Veteran MP Adnan Abdul-Samad said the average per capita income in the oil sector is 7,177 dinars, or more than 23,000 dollars per month, compared to the average monthly salary which does not exceed 1,493 dinars or about 5,000 dollars for other employees of state ministries.
The reason for this huge difference is the fatal error caused by the former oil minister, Muhammad Mohsen Al-Busairi, who represented the Muslim Brotherhood movement in the ministry, almost ten years ago when he issued a decision to increase the salaries of the oil sector enormously claiming unjustly that the increase will not be at the expense of the public fund but will be taken from the assets of the Kuwait Petroleum Corporation.
This decision put the entire state in a dilemma given the size of the tragedy. The government will not be able to raise the salaries of the rest of its employees to bring them close to the salaries of workers in the oil sector and after all these years was not able to reduce the salaries of employees in the oil sector to bring them on par with the salaries of state employees. How can we find a solution to this financial crime in a beautiful, small country which is not worth being in this predicament?
It is strange that Al-Busairi did what he wanted to do and left the ministry. No one in the government took the pain to ask about the consequences of his decision or even blame him and the problem is still in its infancy and will inevitably have serious social and financial consequences.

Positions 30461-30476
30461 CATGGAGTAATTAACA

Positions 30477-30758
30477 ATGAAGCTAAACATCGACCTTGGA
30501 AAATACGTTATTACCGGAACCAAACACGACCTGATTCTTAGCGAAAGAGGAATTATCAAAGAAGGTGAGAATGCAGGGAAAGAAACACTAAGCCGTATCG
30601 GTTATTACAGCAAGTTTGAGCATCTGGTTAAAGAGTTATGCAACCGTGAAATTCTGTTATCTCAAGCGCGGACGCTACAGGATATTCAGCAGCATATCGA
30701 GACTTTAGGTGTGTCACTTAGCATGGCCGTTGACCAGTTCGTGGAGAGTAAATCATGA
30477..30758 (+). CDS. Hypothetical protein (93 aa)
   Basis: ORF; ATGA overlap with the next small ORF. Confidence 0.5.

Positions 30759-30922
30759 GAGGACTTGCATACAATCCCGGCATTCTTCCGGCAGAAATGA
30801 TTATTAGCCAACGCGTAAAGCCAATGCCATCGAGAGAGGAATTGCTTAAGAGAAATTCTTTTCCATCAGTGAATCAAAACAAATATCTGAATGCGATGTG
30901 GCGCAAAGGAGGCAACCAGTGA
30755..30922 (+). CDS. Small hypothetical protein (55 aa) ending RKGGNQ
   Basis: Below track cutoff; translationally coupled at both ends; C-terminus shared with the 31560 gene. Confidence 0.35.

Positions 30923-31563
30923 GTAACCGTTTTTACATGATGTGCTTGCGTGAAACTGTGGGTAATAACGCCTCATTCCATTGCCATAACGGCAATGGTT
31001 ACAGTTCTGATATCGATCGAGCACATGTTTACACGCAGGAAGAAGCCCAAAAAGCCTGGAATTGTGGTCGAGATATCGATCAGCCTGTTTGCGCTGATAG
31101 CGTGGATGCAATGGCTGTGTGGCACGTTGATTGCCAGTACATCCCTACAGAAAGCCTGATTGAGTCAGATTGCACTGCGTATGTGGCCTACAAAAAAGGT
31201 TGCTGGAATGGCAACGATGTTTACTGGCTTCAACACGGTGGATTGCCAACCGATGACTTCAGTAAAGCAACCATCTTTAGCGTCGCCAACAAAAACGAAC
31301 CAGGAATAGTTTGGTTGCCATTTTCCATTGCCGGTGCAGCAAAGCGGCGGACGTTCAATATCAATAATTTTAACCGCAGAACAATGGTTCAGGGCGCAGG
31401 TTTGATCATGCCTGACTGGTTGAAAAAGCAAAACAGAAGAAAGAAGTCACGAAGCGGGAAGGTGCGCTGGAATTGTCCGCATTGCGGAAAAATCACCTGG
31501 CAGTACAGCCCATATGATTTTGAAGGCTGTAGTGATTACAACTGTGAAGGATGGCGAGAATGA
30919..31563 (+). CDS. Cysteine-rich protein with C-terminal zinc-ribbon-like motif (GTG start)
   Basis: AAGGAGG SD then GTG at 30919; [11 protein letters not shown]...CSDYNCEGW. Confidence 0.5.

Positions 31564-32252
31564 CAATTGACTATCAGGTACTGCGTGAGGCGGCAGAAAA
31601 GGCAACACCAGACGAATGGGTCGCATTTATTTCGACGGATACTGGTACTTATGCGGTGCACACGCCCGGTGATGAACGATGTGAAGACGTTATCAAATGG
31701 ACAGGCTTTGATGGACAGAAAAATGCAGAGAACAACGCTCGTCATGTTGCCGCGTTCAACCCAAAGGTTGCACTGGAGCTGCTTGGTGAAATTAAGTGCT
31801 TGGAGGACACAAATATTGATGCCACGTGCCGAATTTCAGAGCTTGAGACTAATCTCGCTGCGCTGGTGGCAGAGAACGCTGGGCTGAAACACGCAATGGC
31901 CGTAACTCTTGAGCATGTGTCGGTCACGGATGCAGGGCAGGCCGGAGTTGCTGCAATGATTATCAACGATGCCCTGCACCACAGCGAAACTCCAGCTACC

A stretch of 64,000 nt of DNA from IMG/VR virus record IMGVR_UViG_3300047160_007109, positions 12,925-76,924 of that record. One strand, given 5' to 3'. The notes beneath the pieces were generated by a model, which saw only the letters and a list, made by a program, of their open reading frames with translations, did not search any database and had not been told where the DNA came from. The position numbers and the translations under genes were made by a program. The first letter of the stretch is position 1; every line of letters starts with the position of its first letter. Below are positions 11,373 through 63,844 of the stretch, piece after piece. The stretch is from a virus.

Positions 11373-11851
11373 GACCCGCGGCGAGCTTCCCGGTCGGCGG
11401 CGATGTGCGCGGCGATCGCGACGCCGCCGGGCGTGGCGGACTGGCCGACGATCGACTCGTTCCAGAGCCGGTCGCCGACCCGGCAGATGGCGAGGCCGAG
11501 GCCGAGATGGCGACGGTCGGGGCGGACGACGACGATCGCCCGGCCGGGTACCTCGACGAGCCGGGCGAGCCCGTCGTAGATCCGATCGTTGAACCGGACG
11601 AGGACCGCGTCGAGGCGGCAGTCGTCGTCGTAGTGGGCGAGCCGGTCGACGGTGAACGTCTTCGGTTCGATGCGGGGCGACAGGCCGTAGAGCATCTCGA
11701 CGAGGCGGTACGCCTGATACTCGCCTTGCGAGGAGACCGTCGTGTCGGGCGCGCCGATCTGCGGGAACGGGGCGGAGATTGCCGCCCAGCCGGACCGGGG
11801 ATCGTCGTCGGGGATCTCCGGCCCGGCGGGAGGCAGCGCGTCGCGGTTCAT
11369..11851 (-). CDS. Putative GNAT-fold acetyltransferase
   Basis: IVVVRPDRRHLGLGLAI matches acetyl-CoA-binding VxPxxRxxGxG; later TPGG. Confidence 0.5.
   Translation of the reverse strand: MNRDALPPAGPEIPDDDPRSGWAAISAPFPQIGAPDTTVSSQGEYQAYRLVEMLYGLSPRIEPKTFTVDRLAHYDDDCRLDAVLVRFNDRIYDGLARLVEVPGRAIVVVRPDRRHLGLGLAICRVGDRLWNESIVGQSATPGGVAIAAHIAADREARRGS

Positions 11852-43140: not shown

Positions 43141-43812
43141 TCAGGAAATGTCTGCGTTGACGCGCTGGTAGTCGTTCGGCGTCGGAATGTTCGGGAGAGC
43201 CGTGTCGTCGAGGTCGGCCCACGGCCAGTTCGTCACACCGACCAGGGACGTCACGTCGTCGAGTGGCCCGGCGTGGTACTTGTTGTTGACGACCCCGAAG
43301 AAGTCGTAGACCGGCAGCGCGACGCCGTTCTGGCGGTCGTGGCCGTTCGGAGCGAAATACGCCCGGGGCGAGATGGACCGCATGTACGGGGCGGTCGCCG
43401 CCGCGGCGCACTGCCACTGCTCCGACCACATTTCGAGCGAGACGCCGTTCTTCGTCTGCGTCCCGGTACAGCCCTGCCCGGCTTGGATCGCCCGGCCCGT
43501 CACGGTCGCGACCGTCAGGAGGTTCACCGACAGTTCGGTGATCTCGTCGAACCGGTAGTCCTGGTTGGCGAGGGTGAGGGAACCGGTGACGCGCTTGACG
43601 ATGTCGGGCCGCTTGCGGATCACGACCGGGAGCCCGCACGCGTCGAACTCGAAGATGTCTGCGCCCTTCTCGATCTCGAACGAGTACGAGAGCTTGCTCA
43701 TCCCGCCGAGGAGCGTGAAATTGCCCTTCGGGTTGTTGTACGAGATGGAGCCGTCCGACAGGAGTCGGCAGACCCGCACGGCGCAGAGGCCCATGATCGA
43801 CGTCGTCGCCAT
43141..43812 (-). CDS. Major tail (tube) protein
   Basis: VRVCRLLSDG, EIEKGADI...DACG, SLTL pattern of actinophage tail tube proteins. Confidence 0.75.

The second mistake, which cost the state a lot at the social and educational level, is related to the miserable decision taken by one of the best ministers, the late Sheikh Saud Al-Nasser when he took over the Ministry of Oil portfolio.
Sheikh Saud found out that the Japanese company which digs the wells, manages and exports the oil of the neutral zone, granted scholarships to outstanding students and sent them to Western countries, especially America, to specialize in various fields which the government did not encourage anyone to study outside the fields of medicine, pharmacy and engineering.
The late Sheikh Saud stopped the scholarship system altogether and deprived thousands of this semi-free service which did not cost the state budget a lot.
The third of these fatal mistakes which cost the nation billions and will cost more materially, morally and even ethically does not even appear on the horizon. It is the decision of segregation in education at the time of late Education Minister Dr Ahmad Al-Rubei who kept silent and did not protest against the decision, neither during voting or thereafter. We write this for history. These erroneous decisions and dozens of others have contributed to the backwardness of the state on more than one level.
By Ahmad alsarraf